The last song on “When Life Was Hard And Fast”, starts with a phone call between Ricky Warwick and his guitarist on this latest solo record, ex Buckcherry man, Keith Nelson.
“Hey Keith,” he says in that part Irish, part US accent he has these days. “I just wanted to say, we’ve come a long way since Jerry Lee, rock n roll ain’t dead – its just lost in its mystery.”
Now, I want to believe Ricky Warwick really rings his mates up to say that, but even a man so steeped in music has that, probably made it up, but what is undeniable – and I say this as someone who has followed Warwick’s career with as much passion as I follow my football team and feels a genuine sense of pride when I see him as a rock god in the Black Star Riders – is that music has been the driving force, and probably saviour, of his life.
That song title, by the way? “You’re My Rock N Roll.” The inference is clear, here. He needs it now as much as he ever has.
Rewind to the opening track – the title cut – and it sounds like something from the incredible “When Patsy Cline Was Crazy…..” collection. It was written with his friend Sam Robinson, like those albums were, but its both personal (“how you going to keep me, right here on this farm, when I can see the road ahead. It’s tattooed on my arm”) and fantasy. “(never sleep with girls called Ruby, don’t mess with guys named Joe”) and it sounds, just a little like Eddie And The Hot Rods “Do Anything You Wanna Do”.
It sets the tone for the record in all respects. The mid-paced “You Don’t Love Me” – with Luke Morley of Thunder playing a solo to dream of – is catchy as hell, a theme that “I’d Rather Be Hit”, a neat metaphor for the modern political and social landscape carries forward. Frankly, if these hooks haven’t got in you within seconds then it isn’t the record for you.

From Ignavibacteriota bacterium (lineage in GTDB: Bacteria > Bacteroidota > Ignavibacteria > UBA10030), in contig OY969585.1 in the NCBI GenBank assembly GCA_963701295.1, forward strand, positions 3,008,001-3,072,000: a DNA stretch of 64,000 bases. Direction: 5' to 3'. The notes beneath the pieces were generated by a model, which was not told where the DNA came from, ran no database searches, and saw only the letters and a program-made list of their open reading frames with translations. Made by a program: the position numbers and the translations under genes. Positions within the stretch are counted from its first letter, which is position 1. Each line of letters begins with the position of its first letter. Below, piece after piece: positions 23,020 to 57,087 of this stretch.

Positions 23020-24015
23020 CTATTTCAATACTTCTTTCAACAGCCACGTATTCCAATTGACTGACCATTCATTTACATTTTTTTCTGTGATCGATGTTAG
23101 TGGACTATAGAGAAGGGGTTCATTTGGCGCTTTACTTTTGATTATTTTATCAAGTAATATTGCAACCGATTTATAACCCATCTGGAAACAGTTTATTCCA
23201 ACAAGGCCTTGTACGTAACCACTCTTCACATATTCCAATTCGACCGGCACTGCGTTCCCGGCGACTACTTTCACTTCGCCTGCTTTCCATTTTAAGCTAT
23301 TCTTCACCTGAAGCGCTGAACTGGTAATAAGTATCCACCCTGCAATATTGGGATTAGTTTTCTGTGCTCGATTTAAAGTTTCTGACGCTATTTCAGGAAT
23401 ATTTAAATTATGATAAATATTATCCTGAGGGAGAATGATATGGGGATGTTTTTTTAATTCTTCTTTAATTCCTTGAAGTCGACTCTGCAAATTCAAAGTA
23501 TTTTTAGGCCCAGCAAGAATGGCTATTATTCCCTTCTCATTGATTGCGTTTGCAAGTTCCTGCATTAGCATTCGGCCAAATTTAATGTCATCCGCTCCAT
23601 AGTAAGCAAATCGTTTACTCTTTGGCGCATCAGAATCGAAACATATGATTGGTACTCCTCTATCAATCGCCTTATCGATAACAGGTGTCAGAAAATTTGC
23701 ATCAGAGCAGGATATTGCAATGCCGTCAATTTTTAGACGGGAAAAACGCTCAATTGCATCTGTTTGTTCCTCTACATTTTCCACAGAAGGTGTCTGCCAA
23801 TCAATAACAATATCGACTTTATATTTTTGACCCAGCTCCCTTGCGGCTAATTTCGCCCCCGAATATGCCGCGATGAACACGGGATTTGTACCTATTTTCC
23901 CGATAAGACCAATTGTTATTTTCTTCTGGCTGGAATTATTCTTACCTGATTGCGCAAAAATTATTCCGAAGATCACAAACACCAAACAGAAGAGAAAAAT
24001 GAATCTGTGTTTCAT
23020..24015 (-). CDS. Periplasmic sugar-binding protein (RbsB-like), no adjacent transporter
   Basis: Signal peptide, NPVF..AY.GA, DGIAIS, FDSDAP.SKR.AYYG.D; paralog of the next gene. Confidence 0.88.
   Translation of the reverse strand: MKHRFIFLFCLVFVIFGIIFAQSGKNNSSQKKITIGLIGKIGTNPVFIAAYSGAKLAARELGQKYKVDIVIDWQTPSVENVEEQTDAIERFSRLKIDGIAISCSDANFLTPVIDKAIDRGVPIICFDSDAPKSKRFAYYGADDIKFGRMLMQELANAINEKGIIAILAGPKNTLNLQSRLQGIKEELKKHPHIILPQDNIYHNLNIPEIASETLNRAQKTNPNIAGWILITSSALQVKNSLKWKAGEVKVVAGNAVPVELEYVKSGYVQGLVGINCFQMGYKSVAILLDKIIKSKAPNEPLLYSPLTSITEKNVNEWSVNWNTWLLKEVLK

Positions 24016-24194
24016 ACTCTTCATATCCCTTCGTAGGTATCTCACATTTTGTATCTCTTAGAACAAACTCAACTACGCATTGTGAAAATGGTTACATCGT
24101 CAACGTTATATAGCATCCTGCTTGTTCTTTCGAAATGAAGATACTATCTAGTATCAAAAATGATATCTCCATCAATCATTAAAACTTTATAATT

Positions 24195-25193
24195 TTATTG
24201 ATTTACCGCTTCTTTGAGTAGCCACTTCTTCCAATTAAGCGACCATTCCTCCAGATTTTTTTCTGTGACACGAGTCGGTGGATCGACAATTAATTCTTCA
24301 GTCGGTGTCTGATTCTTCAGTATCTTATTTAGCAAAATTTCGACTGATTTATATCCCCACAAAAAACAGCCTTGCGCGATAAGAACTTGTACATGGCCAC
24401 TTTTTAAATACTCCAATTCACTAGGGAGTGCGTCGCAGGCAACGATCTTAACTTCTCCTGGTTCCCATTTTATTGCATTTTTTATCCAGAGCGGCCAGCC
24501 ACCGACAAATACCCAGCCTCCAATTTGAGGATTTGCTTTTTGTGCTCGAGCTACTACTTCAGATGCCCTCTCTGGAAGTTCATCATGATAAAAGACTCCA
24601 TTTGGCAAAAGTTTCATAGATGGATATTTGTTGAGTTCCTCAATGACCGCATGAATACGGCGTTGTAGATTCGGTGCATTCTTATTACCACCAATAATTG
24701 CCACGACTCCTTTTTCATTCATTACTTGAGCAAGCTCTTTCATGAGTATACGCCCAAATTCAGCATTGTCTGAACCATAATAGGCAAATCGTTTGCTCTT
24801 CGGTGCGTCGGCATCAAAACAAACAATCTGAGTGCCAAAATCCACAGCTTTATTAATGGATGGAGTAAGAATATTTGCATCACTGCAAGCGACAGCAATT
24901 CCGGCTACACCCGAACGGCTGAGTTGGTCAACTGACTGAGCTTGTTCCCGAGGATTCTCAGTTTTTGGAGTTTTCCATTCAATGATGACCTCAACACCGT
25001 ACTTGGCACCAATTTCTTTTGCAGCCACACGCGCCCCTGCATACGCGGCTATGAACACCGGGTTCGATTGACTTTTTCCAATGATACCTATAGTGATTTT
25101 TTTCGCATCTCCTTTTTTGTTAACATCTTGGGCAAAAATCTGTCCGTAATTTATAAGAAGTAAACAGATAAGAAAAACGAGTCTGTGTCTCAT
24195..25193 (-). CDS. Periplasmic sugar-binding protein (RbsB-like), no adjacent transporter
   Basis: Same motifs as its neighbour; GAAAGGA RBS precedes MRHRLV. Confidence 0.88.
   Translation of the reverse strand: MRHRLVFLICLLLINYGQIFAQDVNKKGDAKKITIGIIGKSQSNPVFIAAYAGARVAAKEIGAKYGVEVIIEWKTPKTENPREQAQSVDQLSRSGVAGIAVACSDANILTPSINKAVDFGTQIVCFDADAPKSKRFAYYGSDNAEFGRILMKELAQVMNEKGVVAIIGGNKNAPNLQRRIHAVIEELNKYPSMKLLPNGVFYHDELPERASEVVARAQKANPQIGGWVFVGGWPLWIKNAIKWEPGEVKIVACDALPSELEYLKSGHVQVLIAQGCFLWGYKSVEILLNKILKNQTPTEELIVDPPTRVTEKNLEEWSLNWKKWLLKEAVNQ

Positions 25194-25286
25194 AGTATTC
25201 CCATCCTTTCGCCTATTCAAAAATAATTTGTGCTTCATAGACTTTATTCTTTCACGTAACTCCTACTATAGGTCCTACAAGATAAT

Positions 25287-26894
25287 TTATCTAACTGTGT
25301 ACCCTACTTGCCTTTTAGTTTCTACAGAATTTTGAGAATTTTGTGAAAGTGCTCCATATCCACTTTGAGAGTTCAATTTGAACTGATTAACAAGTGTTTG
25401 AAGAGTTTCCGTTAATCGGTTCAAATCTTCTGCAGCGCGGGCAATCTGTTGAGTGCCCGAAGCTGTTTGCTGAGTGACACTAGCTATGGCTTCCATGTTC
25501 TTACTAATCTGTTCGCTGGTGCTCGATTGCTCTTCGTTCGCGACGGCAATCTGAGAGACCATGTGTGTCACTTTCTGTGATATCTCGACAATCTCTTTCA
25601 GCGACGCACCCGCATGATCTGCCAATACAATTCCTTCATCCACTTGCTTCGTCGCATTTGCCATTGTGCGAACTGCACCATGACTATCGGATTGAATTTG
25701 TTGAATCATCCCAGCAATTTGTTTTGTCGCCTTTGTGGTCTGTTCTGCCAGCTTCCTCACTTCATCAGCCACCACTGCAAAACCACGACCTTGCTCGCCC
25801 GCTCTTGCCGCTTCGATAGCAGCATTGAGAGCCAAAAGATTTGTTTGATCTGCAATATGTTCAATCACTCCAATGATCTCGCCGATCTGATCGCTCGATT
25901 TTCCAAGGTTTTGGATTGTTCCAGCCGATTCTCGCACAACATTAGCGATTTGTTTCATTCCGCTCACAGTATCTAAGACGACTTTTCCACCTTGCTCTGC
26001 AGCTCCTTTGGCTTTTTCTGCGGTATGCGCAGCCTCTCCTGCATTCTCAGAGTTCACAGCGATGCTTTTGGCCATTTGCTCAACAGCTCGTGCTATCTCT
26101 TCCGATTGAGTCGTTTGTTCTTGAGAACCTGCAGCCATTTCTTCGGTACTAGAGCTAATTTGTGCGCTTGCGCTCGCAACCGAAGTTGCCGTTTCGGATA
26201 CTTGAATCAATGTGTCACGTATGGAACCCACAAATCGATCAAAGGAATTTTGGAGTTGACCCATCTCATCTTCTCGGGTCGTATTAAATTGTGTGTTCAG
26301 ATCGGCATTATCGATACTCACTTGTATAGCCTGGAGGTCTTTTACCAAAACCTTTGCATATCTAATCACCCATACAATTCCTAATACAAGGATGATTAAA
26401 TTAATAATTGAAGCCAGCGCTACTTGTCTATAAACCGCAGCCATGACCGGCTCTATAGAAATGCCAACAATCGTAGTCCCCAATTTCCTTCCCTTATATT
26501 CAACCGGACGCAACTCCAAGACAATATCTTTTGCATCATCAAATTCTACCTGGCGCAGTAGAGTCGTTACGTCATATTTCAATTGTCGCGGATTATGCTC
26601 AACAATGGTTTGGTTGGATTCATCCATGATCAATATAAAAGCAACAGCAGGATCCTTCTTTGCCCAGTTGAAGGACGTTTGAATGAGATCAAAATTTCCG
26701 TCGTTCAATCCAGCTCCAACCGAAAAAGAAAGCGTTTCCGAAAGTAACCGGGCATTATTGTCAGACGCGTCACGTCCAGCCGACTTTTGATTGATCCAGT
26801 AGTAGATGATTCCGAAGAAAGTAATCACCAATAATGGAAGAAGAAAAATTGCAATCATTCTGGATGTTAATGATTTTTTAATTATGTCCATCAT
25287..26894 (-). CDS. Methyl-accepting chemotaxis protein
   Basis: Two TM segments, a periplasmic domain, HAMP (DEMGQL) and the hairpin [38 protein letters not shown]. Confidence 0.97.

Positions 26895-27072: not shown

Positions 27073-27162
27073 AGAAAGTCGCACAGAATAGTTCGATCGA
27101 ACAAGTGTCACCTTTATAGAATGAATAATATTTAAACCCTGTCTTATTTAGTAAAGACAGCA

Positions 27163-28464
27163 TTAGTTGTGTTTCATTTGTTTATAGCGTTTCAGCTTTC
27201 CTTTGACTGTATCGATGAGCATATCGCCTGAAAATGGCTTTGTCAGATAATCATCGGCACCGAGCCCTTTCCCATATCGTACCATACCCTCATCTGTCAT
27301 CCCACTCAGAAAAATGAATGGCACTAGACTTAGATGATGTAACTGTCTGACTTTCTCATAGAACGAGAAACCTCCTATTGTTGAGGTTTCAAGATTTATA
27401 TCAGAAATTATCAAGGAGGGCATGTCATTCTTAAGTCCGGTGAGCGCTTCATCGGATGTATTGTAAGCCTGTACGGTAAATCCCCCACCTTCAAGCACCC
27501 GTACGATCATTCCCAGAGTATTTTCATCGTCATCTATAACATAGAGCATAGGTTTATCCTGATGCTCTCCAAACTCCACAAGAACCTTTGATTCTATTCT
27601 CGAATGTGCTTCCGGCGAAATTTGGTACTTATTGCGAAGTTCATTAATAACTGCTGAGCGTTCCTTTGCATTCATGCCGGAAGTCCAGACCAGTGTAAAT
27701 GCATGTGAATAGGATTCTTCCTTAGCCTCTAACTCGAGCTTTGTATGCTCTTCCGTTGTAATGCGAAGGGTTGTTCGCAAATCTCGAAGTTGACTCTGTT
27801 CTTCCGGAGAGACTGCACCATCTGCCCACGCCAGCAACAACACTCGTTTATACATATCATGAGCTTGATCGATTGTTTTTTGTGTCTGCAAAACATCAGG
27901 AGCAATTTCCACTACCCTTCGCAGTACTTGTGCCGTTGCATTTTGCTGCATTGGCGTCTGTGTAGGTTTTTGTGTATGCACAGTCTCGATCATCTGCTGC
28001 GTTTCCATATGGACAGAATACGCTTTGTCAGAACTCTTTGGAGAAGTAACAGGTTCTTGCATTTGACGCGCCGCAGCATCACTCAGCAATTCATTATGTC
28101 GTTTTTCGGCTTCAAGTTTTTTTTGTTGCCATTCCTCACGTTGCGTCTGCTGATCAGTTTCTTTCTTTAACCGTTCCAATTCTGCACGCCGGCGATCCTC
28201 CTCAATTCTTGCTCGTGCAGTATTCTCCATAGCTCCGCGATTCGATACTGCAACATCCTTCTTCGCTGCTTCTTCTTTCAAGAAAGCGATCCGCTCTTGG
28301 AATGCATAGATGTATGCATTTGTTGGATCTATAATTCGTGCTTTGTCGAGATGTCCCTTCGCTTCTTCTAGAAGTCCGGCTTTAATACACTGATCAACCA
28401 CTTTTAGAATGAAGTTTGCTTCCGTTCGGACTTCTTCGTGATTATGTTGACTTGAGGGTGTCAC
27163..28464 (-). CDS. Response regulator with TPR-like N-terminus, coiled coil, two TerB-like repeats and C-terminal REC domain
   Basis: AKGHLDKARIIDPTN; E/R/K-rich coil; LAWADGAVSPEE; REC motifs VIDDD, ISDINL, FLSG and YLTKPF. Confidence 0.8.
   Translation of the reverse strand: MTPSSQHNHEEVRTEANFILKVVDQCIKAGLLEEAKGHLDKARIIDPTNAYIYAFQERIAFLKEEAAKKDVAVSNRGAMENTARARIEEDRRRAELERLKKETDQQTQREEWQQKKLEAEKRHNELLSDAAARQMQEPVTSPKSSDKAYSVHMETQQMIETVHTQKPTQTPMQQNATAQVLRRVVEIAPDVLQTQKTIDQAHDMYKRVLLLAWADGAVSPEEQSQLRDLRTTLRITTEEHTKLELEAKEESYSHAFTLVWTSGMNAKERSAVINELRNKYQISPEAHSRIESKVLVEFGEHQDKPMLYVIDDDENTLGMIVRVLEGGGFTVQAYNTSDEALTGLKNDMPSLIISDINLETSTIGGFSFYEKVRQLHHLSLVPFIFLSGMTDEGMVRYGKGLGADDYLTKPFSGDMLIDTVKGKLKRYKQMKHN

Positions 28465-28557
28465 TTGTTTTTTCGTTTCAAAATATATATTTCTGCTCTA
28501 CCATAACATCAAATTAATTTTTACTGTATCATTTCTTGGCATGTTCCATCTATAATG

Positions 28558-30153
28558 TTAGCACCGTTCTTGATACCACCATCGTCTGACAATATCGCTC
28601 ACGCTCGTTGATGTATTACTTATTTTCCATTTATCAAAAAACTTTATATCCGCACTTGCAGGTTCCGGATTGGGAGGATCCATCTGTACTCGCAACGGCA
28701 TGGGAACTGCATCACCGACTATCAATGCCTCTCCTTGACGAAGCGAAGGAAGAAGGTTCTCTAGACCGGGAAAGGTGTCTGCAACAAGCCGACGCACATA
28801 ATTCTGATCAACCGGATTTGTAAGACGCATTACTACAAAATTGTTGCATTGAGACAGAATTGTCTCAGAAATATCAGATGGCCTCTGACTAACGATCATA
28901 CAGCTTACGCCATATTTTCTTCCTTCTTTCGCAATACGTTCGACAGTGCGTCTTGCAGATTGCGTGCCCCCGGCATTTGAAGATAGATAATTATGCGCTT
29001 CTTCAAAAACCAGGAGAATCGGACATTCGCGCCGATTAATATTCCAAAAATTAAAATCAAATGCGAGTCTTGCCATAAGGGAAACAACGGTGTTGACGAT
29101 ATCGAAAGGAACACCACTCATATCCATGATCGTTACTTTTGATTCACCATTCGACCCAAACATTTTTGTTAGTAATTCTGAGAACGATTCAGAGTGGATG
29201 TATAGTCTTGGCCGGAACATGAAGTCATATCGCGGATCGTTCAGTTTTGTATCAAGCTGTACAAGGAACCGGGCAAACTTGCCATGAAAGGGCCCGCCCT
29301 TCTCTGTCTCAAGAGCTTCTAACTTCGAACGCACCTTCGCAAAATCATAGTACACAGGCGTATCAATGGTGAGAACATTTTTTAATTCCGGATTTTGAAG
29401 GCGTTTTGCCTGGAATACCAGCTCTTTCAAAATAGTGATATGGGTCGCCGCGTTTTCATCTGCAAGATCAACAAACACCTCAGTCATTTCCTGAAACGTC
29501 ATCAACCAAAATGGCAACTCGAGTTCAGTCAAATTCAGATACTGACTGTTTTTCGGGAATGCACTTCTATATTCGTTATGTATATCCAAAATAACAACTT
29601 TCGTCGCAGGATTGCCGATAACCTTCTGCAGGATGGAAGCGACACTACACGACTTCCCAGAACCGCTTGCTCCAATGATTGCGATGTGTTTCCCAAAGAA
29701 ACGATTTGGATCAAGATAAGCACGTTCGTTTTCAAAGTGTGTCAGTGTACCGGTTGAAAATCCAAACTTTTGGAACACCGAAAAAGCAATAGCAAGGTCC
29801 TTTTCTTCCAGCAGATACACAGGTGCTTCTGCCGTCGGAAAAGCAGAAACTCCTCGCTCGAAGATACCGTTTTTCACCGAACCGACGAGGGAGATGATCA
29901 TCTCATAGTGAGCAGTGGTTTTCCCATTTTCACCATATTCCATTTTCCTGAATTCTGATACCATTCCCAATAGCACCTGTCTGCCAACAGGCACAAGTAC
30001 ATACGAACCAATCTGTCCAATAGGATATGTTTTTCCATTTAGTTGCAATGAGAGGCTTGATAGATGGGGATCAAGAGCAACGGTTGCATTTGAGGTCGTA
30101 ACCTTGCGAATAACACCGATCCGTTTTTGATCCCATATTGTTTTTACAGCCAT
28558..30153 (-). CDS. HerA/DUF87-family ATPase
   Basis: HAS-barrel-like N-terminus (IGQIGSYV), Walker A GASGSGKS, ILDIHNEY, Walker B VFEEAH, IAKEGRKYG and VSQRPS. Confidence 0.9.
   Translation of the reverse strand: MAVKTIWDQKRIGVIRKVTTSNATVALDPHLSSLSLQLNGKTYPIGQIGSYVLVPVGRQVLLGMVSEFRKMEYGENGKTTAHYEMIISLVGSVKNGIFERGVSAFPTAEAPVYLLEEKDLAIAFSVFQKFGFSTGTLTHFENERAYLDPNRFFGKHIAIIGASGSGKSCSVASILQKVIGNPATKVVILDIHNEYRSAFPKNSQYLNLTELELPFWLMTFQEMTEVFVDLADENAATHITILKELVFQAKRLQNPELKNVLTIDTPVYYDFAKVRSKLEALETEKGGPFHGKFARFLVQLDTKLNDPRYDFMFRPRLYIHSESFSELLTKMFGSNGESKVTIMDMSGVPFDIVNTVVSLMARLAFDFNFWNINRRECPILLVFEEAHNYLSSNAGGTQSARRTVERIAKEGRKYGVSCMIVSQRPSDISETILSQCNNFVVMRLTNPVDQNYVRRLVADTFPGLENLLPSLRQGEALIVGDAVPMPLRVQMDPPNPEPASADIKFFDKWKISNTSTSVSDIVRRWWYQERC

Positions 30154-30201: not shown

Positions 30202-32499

“Gunslinger” is a little more raw, a little more punk rock. Two minutes of stuff that is a rock n roll dream in all senses, given that it is a Willy Deville song that Warwick has dreamed of covering for years, while things don’t get faster than on “Never Corner A Rat” – think latter period Almighty – and Robbie Crane (ex Ratt and current BSR man) excels on bass here.
“Time Don’t Seem To Matter” is undoubtedly the centrepiece here. A tender ballad – perhaps the most tender thing he’s ever written – about leaving his family to tour, and with his daughter Pepper singing on the track. After that, “Fighting Heart” is definitely more in the usual wheelhouse. Named after his last solo incarnation, it’s got a weather-beaten, road dog quality, that of a musical lifer with a natural sound.
If you go back to his very first solo record. “Tattoos And Alibis” – now very nearly 20 years old, staggeringly – it was one with a very singer songwriter feel. “I Don’t Feel At Home” is cut from that cloth too, Darkness Era Springsteen, muscular, but with its heart on its sleeve – its yet more proof that Warwick, would in some other life, have been a troubadour of real skill.
I haven’t really mentioned Nelson yet, but he’s in brilliant form throughout. Never better, though, than on “Still Alive” when his guitar is wonderful, and the beauty of “Clown Of Misery” with its Celtic folk flavour, is in its fragility. You feel that Warwick is busking here, and if we are allowed another Springsteen reference, then this one is definitely Nebraska.
The contrast with the aforementioned last one couldn’t be more stark – or more deliberate. But both in a way underline how important music is to Ricky Warwick, and he no doubt understands how important it is to the rest of us too. So as much as its his rock n roll, this record belongs to all of us, together.